Ginza×CSR・CSV Vol.7 Ricoh

Education Support Program in India
Resolving social issues while promoting corporate growth


The seventh part of the Ginza×CSR series looks at Ricoh’s Education Support Program in India. This program is a part of value-creating CSR that aims at both resolving social issues and promoting corporate growth. We asked about the main points for succeeding in this venture.

A program that aligns the strategies of the CSR Division and the Business Division.

  • ─ What type of initiative is the Education Support Program in India?
  • Ricoh donated duplicators to twenty schools and educational institutions in the Medak district that is about two hours north of Hyderabad in south-central India. We also provide training to teachers so they can use the duplicators for classes. To improve the educational environment in sixty schools in the region, we put together school management organizations that join the forces of children, teachers and the community and lobbied the government. This program began in 2011.
  • ─ Why did Ricoh start this type of program?
  • About 55% of Ricoh’s consolidated earnings and 65% of its employees are overseas. The CSR Division wanted to support the next generation’s education in other countries, and particularly in developing nations that face a vast number of problems. One challenge was how to help resolve social issues using our business resources.
    The Duplicator Business Division was focusing on the Indian market at the time. The majority of duplicator customers are schools, but most schools in Japan already have one. In comparison, India has far more children and schools, but only about 1 in 100 schools has a duplicator.
    So the Business Division wanted to investigate the product needs over there to help it break into the huge Indian market.
  • ─ So it aligned the strategies of the CSR Division and the Business Division.
  • Providing needed support that utilizes Ricoh’s business resources requires not only activity planning by the CSR Division, but also incorporating opinions from other employees at Ricoh and from outside parties. In 2010, we brought together people from Save the Children and other NGOs, the United Nations Development Programme (UNDP), Microsoft and IBM that were carrying out “digital divide” social contribution activities, and members of Ricoh’s Business Division to work on the problem as a group.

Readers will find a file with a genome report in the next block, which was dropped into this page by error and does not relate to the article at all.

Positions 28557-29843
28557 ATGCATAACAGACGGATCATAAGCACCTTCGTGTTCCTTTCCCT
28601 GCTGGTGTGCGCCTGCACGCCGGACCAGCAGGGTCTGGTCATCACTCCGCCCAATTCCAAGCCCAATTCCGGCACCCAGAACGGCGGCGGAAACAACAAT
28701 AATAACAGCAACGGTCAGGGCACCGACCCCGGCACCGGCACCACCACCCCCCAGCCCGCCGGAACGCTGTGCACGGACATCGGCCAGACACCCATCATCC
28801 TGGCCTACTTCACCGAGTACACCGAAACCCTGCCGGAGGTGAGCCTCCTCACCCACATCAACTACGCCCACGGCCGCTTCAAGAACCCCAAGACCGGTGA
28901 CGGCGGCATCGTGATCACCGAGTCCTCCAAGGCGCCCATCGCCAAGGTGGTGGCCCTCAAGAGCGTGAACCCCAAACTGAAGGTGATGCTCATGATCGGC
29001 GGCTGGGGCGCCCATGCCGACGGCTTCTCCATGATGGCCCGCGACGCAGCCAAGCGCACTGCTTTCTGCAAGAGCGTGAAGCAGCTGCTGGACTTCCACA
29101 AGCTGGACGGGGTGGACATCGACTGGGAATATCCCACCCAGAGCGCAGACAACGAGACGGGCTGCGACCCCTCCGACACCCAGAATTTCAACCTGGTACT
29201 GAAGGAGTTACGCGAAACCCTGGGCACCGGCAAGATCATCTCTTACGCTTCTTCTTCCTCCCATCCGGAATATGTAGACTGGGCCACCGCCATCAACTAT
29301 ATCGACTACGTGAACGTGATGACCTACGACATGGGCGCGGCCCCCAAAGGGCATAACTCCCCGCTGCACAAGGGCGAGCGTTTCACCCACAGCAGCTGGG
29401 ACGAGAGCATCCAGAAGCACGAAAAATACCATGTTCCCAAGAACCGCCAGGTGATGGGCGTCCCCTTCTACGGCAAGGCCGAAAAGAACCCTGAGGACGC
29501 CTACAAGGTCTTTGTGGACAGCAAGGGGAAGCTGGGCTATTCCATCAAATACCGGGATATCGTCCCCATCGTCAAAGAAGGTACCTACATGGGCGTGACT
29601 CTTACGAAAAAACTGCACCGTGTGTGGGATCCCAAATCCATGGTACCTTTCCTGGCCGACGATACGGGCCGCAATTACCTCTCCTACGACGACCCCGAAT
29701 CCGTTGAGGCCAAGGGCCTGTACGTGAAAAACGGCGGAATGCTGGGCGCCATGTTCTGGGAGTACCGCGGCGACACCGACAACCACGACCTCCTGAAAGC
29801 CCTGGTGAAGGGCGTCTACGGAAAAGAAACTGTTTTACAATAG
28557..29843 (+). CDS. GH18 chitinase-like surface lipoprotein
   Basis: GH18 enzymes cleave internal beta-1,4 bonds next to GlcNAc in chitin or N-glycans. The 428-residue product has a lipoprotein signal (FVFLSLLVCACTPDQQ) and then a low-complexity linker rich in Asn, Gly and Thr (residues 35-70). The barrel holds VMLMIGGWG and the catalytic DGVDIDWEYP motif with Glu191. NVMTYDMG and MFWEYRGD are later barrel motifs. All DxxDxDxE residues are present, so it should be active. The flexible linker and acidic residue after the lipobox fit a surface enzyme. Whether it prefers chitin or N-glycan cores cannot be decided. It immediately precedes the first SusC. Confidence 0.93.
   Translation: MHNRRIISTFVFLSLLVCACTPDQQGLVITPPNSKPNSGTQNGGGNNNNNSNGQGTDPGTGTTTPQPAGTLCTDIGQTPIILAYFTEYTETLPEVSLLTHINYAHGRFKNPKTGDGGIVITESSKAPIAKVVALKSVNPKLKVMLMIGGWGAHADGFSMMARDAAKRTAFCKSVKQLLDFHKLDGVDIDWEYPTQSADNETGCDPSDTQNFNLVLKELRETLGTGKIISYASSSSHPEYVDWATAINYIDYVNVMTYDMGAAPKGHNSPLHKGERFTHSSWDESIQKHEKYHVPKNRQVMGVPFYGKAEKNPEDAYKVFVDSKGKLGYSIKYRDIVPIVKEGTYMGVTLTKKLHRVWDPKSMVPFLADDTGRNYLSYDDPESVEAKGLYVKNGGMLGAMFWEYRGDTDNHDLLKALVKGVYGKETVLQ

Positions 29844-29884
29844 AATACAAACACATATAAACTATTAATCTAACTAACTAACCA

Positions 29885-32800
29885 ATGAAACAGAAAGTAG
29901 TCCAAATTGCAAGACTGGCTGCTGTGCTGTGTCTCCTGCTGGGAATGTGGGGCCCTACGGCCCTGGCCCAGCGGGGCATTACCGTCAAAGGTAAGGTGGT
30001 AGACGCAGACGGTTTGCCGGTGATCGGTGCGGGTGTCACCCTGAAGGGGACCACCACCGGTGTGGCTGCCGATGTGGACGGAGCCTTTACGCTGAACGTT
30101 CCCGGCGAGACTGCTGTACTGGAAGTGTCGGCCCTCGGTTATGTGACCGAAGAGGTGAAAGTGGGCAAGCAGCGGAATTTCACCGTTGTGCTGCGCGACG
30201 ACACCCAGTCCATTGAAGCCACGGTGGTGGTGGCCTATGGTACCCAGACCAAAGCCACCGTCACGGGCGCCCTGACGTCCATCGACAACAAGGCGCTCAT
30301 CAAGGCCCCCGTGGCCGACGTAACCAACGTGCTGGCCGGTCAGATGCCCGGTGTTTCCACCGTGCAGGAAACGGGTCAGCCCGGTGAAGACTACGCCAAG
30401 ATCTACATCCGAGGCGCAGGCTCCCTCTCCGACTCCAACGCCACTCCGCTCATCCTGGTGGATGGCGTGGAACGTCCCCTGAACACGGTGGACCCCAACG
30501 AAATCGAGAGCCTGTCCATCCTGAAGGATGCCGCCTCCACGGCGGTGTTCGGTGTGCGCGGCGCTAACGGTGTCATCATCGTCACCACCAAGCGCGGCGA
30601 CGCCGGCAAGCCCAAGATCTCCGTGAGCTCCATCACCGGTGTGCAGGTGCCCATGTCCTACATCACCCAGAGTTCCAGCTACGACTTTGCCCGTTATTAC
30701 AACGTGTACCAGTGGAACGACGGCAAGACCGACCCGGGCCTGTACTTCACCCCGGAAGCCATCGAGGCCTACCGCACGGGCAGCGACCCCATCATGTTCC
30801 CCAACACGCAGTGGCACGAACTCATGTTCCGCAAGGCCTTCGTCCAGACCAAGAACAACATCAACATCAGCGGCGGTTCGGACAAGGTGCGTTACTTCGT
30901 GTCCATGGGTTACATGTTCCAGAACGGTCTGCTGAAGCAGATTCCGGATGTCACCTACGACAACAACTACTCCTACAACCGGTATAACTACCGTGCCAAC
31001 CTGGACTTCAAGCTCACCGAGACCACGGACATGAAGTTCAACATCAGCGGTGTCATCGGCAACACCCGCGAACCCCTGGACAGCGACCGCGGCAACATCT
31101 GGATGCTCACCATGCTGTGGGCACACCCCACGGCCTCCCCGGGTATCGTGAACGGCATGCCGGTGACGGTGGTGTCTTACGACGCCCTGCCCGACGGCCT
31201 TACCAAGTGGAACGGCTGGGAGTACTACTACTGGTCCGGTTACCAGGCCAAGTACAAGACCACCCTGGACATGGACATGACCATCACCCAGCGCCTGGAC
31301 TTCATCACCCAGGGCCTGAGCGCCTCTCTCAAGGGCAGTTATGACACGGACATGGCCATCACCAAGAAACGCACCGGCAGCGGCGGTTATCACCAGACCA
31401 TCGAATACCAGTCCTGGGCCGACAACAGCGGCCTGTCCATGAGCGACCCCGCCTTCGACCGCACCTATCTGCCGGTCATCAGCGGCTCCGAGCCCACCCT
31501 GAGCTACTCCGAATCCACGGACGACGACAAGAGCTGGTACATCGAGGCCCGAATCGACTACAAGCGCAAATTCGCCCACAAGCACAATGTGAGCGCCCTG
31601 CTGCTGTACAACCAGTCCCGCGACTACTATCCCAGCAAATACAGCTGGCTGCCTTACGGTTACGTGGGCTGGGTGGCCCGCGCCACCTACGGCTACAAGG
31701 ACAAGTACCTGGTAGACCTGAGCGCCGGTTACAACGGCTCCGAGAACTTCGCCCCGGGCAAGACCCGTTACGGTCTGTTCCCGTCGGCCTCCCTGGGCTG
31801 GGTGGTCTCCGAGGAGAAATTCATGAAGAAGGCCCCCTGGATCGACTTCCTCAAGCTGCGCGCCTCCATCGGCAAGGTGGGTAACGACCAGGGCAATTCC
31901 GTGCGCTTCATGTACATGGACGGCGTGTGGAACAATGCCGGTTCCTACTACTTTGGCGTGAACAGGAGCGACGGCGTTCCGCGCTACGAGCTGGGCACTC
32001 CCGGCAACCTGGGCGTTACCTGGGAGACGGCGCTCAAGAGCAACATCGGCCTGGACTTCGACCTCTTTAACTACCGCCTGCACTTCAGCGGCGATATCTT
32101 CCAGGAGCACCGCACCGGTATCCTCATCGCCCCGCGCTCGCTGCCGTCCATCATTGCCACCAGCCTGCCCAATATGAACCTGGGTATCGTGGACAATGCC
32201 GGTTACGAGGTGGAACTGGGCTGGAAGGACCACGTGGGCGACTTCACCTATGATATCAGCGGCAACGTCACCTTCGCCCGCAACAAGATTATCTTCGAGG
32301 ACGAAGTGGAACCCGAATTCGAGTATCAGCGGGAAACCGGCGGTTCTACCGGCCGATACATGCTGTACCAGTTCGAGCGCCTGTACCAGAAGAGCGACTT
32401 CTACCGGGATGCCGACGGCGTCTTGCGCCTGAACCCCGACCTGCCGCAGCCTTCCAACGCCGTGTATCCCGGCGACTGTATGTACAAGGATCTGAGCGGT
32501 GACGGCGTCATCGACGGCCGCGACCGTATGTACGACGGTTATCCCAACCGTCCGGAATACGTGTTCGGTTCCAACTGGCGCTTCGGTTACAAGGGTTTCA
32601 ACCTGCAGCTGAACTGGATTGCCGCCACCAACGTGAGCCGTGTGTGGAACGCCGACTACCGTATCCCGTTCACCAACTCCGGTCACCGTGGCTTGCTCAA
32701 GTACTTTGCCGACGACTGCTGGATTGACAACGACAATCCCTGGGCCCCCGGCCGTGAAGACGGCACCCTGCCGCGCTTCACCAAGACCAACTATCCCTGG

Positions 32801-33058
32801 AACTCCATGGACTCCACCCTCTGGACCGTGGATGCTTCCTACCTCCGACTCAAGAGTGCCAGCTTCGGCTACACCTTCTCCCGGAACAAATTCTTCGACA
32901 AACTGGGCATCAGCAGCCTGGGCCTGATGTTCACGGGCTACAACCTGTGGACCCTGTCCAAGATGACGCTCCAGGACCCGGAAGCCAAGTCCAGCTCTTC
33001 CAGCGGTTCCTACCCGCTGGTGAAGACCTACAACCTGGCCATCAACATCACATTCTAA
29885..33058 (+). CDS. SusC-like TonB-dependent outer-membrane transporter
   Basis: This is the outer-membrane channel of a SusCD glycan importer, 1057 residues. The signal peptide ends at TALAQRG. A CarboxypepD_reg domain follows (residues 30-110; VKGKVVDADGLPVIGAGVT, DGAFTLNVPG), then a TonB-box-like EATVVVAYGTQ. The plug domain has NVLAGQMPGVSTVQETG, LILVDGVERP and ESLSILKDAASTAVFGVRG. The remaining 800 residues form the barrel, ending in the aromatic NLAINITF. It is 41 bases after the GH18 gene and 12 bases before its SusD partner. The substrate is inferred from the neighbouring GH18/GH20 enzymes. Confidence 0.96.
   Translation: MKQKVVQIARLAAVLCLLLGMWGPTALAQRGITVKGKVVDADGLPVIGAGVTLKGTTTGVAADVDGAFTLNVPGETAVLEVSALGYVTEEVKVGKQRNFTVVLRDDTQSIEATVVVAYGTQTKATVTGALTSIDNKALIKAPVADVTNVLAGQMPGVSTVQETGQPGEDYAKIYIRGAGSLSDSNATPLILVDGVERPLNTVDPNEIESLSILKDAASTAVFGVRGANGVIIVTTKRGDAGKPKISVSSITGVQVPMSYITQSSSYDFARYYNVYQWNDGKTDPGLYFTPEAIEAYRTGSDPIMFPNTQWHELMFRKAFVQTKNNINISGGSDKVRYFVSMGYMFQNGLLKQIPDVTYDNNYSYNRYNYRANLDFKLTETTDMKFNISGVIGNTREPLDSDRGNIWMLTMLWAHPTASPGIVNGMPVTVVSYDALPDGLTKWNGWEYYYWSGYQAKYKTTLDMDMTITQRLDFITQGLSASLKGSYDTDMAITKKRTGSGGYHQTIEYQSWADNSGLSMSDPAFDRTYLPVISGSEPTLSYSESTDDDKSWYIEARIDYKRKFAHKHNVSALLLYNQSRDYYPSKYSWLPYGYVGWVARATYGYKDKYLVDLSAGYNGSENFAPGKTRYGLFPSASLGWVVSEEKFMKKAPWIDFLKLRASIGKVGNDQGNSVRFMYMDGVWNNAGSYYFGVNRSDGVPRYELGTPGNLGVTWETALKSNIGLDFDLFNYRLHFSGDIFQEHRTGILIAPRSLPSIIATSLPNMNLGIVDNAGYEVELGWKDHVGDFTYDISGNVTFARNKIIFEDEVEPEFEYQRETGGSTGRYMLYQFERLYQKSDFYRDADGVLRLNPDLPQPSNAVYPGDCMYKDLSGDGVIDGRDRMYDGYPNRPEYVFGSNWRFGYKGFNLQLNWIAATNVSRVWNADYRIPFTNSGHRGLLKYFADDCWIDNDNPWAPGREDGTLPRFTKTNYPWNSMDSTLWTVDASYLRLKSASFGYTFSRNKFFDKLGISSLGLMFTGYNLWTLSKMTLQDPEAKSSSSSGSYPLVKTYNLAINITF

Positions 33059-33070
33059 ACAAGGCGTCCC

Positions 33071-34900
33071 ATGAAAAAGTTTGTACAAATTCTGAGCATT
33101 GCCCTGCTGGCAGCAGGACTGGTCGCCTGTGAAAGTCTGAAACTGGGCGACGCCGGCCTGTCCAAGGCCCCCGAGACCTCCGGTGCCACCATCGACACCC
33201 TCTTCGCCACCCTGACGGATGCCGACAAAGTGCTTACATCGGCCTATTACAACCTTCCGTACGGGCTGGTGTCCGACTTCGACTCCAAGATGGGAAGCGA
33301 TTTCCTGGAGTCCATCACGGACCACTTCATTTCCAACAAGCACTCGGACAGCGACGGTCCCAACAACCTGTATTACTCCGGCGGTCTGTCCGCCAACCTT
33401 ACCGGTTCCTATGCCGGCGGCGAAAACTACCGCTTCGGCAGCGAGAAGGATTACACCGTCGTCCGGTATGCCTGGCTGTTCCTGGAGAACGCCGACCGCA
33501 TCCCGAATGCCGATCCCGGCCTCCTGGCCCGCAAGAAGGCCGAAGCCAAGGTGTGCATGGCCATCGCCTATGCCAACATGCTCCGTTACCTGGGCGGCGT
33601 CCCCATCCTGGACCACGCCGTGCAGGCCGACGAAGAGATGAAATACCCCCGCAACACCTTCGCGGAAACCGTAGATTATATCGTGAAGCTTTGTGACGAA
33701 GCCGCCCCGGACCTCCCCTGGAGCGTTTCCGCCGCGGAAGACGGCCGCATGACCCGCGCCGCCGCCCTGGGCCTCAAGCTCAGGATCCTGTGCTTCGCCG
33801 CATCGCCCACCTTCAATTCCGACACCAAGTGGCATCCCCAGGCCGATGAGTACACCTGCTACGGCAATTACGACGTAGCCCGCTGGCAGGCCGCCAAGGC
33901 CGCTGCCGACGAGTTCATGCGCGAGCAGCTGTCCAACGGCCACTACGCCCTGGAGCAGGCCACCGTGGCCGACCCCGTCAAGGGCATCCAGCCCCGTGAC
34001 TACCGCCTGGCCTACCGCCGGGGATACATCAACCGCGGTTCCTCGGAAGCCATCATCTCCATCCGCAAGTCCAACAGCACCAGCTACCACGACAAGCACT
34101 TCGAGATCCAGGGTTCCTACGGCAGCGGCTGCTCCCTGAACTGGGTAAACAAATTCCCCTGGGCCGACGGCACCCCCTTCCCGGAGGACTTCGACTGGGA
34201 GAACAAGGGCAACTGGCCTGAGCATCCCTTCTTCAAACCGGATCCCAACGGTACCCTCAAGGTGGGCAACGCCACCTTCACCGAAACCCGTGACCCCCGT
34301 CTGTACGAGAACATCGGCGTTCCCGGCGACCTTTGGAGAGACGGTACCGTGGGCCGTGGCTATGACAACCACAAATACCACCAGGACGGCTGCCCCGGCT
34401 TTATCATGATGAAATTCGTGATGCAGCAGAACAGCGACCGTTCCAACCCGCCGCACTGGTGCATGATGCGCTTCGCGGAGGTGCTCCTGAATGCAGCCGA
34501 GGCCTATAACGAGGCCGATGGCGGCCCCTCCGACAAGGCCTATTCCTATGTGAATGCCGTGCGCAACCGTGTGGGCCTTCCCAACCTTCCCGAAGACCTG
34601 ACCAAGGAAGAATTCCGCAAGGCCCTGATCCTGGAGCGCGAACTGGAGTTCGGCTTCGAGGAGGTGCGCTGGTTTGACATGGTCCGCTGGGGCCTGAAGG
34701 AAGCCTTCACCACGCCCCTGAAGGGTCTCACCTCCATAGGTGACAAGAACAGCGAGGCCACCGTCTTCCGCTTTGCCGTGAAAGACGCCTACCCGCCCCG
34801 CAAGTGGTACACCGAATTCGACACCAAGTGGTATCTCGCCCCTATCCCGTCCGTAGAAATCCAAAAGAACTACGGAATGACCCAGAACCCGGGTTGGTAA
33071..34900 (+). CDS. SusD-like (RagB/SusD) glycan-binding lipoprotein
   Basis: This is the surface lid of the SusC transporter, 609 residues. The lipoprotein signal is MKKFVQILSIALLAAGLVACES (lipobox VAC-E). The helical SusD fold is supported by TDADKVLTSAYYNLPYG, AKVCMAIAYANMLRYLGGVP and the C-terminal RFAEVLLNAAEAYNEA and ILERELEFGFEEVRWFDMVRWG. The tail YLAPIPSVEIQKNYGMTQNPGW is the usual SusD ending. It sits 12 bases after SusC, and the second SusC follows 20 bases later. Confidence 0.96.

The group came up with the idea of teacher support. Because this matched the interests of the Business Division, the group was able to work out a program that would help improve educational environments through the donation of duplicators and give Ricoh marketing information, leading to company growth.

Promoting independence and improving educational environments

  • ─ What is the educational environment like in rural India?
  • For one, you often see kids taking lessons outside. This is because there are not enough classrooms, desks and chairs for the number of children. Other reasons are that there is no electricity so the classroom is too dark, or that there is no air conditioning so it’s too hot.
    Teachers don’t have duplicators, so for tests, they have to write out questions on the blackboard and the students write their answers in their notebooks and tear out the page to hand in. In this kind of environment, the teacher’s actual teaching time is cut down and the students cannot focus properly on learning.
  • ─ So India is making efforts to get more students receiving compulsory education.
  • The government of India has budgeted a hefty amount for education. It is aiming to meet the United Nations Millennium Development Goal to “Ensure that, by 2015, children everywhere, boys and girls alike, will be able to complete a full course of primary schooling.”